Lugano, Switzerland-born Sergio Ermotti is standing down after a decade at the world's largest wealth manager. He has been instrumental in reshaping the bank after what had been a testing period. The new CEO comes from ING, the Dutch group.
Sergio Ermotti, who has been chief executive of UBS for the past nine years, is standing down after a period that has seen the bank bounce back from a series of problems. Ralph Hamers, formerly of ING Group, will become the new CEO from 1 November this year.
To ensure that the transition goes smoothly, Hamers will join the Swiss bank’s group executive board from 1 September this year, UBS said in a statement today.
There had been media and industry speculation for some time that Ermotti, who has been in the post for the past nine years and with UBS since 2010, would depart to pursue new challenges. A former long-standing banker at Merrill Lynch, Ermotti joined Zurich-based UBS in 2010 as chairman and CEO of Europe, Middle East and Africa and a member of the group executive Board. He had previously been deputy group CEO at Italy’s UniCredit. He was at Merrill Lynch for 18 years.
When Ermotti first became CEO, it was on an interim basis but he was soon made permanent chief. He had filled the gap left when Oswald Grübel resigned from the post at what had been a tough time for UBS. In 2009, Switzerland’s largest bank was embroiled with the US over offshore bank accounts, later paying legal settlements to end the matter. The bank had been bailed out by the Swiss government amidst the financial crisis of 2008 (the money was quickly repaid) and had to heavily restructure. The group pivoted towards wealth management – now the world’s largest – and reduced its investment banking exposures. Such an approach has been taken by a number of other firms.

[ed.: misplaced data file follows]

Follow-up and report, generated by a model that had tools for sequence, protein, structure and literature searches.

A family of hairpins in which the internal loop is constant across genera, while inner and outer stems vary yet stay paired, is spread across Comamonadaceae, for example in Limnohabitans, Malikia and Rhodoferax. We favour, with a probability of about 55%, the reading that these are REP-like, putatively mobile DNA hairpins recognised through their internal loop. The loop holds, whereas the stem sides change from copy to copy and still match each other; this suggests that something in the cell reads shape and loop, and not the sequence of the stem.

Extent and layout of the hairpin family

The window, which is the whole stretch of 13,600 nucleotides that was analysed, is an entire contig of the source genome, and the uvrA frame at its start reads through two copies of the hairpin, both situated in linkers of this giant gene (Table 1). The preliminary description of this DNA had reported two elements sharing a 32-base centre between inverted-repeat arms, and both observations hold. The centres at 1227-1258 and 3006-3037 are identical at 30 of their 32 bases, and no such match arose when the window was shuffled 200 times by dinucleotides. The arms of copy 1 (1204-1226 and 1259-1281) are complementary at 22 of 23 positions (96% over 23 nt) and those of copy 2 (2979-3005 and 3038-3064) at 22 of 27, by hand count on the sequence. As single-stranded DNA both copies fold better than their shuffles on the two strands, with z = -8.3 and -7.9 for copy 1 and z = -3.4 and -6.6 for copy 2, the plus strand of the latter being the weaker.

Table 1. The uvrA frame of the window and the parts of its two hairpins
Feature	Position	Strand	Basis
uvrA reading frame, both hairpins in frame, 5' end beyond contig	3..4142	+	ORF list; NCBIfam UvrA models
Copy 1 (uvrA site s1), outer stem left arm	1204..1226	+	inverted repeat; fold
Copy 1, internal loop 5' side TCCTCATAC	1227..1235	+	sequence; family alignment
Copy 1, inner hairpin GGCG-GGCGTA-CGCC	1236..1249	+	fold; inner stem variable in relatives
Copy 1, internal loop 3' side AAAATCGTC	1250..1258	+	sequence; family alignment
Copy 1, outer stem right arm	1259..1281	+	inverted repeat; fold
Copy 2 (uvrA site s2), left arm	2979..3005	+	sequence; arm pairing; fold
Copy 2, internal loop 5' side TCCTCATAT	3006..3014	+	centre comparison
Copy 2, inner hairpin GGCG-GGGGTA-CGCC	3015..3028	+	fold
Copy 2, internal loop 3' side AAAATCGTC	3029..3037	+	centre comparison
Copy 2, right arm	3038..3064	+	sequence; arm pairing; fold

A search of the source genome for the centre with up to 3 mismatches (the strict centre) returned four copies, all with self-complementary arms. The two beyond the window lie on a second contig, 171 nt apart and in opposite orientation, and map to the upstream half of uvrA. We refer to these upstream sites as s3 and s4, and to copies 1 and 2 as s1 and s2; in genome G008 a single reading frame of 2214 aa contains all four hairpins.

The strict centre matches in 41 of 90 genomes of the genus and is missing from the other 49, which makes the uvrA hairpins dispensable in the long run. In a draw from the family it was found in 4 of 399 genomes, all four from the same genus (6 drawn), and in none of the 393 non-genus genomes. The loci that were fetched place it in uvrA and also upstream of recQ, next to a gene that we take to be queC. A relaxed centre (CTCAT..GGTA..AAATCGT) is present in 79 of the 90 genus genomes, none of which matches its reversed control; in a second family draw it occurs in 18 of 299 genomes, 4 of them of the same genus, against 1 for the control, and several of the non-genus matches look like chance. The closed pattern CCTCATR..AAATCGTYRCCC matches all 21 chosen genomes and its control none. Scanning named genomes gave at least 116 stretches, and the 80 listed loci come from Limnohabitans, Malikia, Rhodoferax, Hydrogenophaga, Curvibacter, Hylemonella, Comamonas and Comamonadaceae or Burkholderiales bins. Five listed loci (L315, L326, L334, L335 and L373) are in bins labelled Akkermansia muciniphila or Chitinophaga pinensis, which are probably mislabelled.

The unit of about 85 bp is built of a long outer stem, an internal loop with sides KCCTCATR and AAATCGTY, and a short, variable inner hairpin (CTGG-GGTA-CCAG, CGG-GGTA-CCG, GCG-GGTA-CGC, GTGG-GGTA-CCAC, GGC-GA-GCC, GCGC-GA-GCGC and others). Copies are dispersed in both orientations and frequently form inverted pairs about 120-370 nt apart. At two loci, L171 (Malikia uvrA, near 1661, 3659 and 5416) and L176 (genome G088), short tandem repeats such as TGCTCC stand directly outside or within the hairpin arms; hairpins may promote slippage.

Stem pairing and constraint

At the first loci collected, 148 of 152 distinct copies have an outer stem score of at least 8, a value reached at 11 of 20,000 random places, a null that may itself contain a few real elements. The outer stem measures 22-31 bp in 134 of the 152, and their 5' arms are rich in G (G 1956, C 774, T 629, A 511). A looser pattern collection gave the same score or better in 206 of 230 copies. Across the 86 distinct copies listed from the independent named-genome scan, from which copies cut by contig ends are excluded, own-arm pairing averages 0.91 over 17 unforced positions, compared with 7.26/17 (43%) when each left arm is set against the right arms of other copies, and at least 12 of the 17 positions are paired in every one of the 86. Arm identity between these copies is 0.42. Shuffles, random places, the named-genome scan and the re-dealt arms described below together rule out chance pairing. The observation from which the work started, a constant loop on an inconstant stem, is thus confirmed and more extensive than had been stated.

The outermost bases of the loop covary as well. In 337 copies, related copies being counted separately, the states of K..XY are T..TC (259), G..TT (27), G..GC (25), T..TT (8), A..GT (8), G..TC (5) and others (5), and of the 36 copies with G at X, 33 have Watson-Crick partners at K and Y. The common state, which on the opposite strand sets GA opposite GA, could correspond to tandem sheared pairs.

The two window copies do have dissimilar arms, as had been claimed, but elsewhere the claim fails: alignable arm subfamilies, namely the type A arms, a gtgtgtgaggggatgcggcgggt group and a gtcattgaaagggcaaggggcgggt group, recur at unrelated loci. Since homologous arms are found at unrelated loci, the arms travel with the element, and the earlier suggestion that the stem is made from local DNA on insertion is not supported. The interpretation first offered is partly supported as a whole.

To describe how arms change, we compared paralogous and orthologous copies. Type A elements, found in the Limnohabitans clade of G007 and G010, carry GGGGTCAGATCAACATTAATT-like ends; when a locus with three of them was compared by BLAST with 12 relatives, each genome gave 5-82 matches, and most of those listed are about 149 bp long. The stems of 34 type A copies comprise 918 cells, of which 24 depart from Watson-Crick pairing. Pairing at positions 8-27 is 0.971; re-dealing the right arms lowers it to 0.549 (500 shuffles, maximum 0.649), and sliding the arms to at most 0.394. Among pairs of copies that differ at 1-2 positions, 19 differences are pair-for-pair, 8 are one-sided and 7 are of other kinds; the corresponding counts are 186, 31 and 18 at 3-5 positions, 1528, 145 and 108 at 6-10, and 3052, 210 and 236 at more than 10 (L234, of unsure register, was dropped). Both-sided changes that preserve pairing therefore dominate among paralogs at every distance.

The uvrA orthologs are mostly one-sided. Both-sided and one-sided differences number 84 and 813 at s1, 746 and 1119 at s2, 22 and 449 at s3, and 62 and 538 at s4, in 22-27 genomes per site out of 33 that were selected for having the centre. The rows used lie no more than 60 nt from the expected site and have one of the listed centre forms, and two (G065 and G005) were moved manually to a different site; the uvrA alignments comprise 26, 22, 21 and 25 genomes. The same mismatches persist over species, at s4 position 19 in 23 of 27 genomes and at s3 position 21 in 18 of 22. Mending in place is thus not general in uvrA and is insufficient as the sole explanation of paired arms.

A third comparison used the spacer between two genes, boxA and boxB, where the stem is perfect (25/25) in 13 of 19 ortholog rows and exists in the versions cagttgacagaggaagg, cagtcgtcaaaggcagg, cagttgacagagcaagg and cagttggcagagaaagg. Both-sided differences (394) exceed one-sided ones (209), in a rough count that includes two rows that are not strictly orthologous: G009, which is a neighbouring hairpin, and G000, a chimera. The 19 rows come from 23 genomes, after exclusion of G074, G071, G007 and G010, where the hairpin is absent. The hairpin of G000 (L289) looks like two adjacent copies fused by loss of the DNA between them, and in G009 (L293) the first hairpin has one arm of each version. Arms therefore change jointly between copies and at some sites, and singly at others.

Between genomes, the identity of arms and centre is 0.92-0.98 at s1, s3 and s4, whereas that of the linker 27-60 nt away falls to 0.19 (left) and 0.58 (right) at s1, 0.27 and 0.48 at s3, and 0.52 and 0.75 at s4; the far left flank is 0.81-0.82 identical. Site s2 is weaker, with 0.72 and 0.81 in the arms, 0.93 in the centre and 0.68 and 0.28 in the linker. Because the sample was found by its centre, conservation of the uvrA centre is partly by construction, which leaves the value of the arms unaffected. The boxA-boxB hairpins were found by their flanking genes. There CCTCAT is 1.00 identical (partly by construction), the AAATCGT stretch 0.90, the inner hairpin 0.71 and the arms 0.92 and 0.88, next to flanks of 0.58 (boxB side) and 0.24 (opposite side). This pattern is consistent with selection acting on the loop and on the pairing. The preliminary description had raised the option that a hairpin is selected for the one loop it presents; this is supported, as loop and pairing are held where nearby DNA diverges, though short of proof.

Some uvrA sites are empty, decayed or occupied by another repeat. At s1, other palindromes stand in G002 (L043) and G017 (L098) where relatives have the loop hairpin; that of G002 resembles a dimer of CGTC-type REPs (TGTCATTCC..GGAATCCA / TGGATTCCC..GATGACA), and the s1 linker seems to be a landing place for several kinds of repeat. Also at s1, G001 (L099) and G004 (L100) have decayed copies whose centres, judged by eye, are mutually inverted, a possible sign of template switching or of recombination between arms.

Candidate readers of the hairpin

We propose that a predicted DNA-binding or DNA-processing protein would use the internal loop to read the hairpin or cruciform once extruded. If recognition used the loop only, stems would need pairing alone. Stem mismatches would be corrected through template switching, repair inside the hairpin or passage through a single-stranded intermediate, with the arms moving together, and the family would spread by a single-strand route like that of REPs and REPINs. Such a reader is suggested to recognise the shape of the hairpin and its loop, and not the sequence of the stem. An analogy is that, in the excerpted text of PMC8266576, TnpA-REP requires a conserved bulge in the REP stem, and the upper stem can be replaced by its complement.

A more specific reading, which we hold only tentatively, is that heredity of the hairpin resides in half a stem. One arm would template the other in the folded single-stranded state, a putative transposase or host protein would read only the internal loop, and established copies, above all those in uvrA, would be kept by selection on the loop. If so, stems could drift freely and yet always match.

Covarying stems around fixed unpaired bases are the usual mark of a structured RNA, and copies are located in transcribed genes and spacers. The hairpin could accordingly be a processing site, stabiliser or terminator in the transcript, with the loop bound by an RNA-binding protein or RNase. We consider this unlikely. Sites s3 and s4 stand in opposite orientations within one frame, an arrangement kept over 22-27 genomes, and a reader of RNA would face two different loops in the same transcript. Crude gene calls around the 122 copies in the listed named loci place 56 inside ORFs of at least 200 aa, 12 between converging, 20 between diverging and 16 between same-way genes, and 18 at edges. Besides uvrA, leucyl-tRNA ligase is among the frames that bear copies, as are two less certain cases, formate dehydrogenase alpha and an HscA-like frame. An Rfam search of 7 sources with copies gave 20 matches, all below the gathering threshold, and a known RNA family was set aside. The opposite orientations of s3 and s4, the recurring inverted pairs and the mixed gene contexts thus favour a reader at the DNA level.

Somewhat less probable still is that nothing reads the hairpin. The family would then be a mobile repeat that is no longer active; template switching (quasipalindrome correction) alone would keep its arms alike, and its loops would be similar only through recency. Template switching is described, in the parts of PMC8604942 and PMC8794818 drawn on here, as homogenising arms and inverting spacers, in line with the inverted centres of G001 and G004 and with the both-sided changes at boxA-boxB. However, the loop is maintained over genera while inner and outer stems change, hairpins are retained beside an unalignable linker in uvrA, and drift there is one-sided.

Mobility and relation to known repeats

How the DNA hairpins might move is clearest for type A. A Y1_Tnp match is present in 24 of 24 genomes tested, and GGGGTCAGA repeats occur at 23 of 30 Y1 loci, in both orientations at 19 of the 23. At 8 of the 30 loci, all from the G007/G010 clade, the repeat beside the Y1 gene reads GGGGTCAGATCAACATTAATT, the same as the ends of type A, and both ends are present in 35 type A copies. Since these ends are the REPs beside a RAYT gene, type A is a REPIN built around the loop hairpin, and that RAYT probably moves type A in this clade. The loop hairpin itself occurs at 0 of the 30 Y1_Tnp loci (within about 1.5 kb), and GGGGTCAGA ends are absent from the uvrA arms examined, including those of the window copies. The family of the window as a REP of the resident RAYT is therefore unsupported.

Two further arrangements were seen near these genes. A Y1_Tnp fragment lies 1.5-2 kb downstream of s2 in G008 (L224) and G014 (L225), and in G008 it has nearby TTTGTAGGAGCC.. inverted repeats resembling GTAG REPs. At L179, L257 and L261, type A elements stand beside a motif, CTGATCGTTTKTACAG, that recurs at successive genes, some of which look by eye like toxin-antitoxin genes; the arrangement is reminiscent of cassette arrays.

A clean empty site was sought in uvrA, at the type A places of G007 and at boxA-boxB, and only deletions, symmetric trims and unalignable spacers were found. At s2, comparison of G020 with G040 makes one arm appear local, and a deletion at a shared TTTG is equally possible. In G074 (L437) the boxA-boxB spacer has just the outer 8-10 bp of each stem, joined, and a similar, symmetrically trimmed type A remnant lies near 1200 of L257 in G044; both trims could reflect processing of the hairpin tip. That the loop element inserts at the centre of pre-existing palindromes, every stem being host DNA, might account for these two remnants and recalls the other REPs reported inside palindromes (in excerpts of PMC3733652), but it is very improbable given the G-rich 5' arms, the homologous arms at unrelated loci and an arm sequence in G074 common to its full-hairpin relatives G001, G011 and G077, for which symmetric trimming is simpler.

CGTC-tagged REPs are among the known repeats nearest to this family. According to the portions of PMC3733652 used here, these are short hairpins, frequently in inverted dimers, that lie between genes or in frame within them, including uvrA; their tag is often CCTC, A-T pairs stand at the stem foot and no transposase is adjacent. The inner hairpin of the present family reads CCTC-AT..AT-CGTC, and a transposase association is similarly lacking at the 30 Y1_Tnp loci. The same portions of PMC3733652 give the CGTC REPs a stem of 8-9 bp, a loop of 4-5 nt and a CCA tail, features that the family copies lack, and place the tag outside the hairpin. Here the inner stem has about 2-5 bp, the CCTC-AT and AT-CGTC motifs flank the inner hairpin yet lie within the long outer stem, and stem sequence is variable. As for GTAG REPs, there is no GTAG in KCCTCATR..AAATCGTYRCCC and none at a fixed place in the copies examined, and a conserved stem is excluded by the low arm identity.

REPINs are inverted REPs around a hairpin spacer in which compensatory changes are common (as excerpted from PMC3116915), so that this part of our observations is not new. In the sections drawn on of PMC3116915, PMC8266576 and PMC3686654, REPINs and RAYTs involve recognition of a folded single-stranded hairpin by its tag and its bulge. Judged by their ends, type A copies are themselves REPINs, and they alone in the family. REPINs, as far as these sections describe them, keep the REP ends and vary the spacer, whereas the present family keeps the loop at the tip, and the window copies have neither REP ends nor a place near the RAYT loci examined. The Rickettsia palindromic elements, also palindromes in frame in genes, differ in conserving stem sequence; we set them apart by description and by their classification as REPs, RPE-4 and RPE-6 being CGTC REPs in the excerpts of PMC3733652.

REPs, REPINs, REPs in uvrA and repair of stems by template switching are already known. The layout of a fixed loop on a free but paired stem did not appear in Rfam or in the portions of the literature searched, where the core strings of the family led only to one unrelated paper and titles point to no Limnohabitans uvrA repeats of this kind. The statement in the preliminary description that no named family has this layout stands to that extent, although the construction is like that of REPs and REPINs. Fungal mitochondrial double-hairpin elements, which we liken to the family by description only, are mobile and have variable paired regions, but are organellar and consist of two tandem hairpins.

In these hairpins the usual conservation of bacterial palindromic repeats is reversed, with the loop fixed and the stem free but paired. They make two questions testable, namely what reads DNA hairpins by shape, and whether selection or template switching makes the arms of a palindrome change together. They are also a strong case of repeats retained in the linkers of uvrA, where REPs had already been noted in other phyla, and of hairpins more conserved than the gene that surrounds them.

UBS chairman Axel Weber paid tribute to Ermotti.
“The board sincerely thanks Sergio for his exceptional commitment and contributions to the success of the business since taking office almost nine years ago. I would personally like to thank Sergio for our partnership during this entire period and for his constructive collaboration during the succession process,” Weber said.
“Sergio led the transformation of UBS in the wake of the global financial crisis. Today, UBS is the world’s leading wealth manager and the leading bank in Switzerland, supported by a global investment bank with world-leading equity research capability, and a large-scale and diversified asset manager with a strong focus on sustainable investing. During Sergio’s tenure, UBS created substantial value for our shareholders, as tangible book value including dividend distribution has grown at 6 per cent annually and shareholders have received over USD 15 billion dividends and $1.5 billion in share-buybacks,” he said.
Swiss banking is in the news a great deal at present, even beyond the busy period of annual reports on financial results. UBS’s biggest local rival, Credit Suisse, last week announced that Tidjane Thiam, had resigned and was replaced by Thomas Gottstein. (The change came in the wake of a spying scandal in which a former senior Credit Suisse banker, who had left for UBS, was followed by people sent by his erstwhile employer's chief operating officer. Thiam's departure change was also controversial because he had presided over a strong turnaround in Credit Suisse's fortunes having taken up the CEO slot four years ago.)
The new CEO at UBS has had a long career at Netherlands-based ING Group, joining it in 1991. Hamers progressed through a series of roles across business segments and geographies before becoming CEO in 2013. Hamers holds a master of science in business econometrics and operations research from Tilburg University in the Netherlands and is chairman of the European Banking Group, the European banking association.
"Ralph is the right CEO to lead our business into its next chapter. A seasoned and well-respected banker with proven expertise in digital transformation, Ralph has an impressive track record leading ING Group for more than six years,” Weber said.